As interest in the Industrial Internet of Things (IIoT) gains greater traction across industries, engineers are realizing that it’s very possible—and not all that complicated—to monitor production parameters and detect deviation from required quality standards, predict future events and trends, continuously optimize product quality, and reduce overall production time. This ability to control every step in the product lifecycle will enable new business opportunities and significantly change the concept of manufacturing through instant access to real-time process information and feedback.
To achieve this, however, companies’ information technology (IT) and operational technology (OT) departments will need to change how they work together. Here are the three main areas that need to be addressed:
Secure the network
With a connected world comes increased vulnerabilities and risks. One compromised system in a network of devices can act as a catalyst for widespread infection, ultimately threatening an entire company’s infrastructure. IT and OT need to work together to maintain network availability, confidentiality and integrity. They can also work together to implement processes that prevent both deliberate attacks and unintentional errors.
Recommended security measures include use of:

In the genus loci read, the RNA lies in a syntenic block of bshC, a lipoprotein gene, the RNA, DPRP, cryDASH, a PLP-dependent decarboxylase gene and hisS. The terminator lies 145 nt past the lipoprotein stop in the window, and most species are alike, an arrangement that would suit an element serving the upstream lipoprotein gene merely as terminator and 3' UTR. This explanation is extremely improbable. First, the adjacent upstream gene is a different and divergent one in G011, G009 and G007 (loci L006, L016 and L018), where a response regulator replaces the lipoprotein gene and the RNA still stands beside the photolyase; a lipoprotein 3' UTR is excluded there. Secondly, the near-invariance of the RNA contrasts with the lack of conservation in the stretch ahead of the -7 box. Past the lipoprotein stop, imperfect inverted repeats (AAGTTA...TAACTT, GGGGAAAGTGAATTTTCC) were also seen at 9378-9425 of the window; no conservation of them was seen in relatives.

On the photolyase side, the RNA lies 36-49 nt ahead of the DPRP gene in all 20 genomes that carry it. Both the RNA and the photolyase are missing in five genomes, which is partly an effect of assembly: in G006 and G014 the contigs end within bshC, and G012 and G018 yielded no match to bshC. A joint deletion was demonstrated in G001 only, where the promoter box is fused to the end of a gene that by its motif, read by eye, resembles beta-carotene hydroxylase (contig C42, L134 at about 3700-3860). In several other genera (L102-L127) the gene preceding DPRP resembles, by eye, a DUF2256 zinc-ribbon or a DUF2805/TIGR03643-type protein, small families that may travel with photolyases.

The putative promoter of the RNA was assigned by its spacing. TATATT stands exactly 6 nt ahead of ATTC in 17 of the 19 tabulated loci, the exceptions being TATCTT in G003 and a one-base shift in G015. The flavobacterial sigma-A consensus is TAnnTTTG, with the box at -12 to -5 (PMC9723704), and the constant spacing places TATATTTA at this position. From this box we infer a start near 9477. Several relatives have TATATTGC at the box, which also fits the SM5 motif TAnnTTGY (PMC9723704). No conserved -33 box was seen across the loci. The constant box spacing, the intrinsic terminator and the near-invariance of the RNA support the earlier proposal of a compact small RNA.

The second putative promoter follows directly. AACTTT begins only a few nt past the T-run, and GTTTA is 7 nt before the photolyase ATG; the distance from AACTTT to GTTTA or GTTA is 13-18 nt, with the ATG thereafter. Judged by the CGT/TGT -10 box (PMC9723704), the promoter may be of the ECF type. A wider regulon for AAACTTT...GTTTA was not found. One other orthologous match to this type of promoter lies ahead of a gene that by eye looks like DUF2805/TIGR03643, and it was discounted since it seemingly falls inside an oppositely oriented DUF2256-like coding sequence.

• Encryption to ensure data confidentiality and prevent unauthorized data interception when running on public networks.
• Access control to ensure that only devices allowed to communicate with one another can do so, and to prevent unauthorized access to the network during operation.
• Authentication to block devices and users without explicit access to the network.
• Zones to separate critical sections from non-critical sections of the system and avoid the spread of network infections.
Work as one team
Different departments have different priorities. OT professionals typically focus on keeping production running to avoid the costs of downtime, while IT workers hone in on protecting data integrity.
Despite these distinct roles, it’s important to look at manufacturing holistically and combine forces to create an open dialogue between departments. Finding ways for both departments to work together will help businesses take advantage of their combined strengths and meet business goals.
Align network infrastructure
All devices that can be part of an IIoT initiative need a powerful network connection. This creates a huge demand for consistent and unified communication over an Ethernet network.
The network containing these devices should be hierarchical to simplify network management and operation. At the field level, communication areas should be divided into effectively manageable units, such as machine, production, and any other logical or physical unit.
In any IIoT initiative, the amount of data generated and collected will be significantly higher than ever before, introducing a challenge for IT and OT professionals. Both teams will be required to work together to connect devices in a simple, cost-efficient manner while also meeting the demanding performance and reliability requirements of the specific application.
To get more insight on the implications of the IIoT, read our recent white paper, Communication for the Industrial Internet of Things.